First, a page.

Inside every gadget a hundred stories lurk: What innovative memory, battery, or LCD design does it use? Where did the components come from and how do they work together? What previous design weaknesses needed fixing? And, maybe most important: How can users make the device work better for them?
Many of these stories can be teased out by ignoring that familiar warning: “no user-serviceable parts inside.” We pried apart Apple’s new iPod nano – a music player so small that many customers are buying bulky carrying cases to make it harder to lose. But don’t try this at home.
[Click here to see our hack. Then move your cursor over any letter on the iPod to see our gloss on that particular component.]
Home page photo courtesy of Christopher Harting
Here’s how a Twitter engineer says it will break in the coming weeks
One insider says the company’s current staffing isn’t able to sustain the platform.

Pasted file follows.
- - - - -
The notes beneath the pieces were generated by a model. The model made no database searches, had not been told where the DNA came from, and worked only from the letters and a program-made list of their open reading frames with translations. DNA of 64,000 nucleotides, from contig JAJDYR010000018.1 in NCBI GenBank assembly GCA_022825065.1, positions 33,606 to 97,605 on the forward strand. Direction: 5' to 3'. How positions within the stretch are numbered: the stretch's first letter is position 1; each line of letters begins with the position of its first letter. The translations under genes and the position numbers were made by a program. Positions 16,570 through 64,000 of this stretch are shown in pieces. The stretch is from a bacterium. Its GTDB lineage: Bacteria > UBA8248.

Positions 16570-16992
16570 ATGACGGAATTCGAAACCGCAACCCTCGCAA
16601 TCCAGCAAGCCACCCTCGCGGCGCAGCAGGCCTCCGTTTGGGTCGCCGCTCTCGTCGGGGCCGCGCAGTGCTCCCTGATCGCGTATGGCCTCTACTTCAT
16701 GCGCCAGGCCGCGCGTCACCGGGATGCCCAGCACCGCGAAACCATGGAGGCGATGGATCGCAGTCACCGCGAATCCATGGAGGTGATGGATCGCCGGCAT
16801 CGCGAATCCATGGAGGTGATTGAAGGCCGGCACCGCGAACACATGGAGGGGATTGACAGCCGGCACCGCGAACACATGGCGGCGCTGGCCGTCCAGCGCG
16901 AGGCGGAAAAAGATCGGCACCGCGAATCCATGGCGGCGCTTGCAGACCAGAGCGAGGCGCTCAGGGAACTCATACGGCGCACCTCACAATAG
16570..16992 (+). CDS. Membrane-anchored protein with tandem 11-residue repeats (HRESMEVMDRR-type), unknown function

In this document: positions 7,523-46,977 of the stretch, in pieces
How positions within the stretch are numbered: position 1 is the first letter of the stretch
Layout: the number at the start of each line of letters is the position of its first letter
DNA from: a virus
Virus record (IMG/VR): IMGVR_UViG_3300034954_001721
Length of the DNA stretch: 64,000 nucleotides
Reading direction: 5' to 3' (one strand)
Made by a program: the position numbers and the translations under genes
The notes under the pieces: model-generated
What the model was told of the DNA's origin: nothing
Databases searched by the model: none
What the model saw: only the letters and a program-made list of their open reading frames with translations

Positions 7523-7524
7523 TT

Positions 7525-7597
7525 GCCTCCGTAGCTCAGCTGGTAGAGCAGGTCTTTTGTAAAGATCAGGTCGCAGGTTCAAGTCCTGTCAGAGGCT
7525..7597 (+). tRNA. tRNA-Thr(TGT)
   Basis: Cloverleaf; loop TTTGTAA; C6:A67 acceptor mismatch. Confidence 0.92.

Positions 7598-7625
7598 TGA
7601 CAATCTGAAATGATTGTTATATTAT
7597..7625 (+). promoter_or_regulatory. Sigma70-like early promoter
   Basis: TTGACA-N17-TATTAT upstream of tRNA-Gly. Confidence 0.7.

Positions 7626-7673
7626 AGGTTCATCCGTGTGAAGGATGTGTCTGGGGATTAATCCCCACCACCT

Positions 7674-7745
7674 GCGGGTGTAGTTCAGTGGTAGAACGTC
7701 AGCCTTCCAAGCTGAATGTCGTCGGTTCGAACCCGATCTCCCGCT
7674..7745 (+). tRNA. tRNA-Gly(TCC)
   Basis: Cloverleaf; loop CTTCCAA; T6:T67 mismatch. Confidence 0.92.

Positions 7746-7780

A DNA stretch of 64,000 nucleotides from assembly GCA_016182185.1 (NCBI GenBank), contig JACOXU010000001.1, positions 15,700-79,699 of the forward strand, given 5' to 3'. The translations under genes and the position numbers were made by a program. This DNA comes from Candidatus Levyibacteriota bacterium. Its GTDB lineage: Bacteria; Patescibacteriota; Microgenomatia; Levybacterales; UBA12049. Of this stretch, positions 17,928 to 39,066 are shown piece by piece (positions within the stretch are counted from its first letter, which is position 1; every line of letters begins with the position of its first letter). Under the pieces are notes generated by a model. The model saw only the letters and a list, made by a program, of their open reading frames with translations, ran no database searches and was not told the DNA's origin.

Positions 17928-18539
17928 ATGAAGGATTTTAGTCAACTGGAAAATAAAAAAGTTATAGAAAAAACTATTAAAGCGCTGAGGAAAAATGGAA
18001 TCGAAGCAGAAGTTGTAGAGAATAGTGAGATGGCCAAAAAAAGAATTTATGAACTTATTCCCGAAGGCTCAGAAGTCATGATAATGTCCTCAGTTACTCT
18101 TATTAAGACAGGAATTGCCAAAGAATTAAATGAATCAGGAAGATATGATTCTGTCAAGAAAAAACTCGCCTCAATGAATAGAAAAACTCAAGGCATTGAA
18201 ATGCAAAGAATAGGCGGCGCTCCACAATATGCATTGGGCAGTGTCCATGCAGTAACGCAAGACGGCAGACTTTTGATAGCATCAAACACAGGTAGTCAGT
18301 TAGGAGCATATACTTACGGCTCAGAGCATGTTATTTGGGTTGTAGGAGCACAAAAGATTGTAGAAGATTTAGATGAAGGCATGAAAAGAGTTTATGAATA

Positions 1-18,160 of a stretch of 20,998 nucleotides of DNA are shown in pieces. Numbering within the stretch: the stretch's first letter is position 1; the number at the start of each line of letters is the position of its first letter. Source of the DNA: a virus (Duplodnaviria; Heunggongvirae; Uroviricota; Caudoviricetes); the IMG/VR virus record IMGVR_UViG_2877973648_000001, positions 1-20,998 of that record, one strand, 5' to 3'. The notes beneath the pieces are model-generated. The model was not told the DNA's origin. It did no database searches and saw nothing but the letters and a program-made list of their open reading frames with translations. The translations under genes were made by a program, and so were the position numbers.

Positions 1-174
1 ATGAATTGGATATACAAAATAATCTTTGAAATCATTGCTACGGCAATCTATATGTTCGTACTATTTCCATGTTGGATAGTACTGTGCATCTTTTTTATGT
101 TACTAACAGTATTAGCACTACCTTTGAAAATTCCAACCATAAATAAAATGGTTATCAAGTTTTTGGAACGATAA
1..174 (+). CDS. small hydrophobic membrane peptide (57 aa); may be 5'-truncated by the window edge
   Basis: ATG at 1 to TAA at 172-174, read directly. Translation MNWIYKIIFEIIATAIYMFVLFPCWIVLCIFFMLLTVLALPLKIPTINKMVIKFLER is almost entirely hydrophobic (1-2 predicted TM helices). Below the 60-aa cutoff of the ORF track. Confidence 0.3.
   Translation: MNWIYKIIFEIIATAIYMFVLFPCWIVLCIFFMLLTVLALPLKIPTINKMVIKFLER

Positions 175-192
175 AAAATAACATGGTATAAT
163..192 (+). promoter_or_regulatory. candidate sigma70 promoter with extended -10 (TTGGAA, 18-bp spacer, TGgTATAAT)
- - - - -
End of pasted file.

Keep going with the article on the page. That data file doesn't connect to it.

Technology that lets us “speak” to our dead relatives has arrived. Are we ready?
Digital clones of the people we love could forever change how we grieve.
How to befriend a crow
I watched a bunch of crows on TikTok and now I'm trying to connect with some local birds.
Starlink signals can be reverse-engineered to work like GPS—whether SpaceX likes it or not
Elon said no thanks to using his mega-constellation for navigation. Researchers went ahead anyway.
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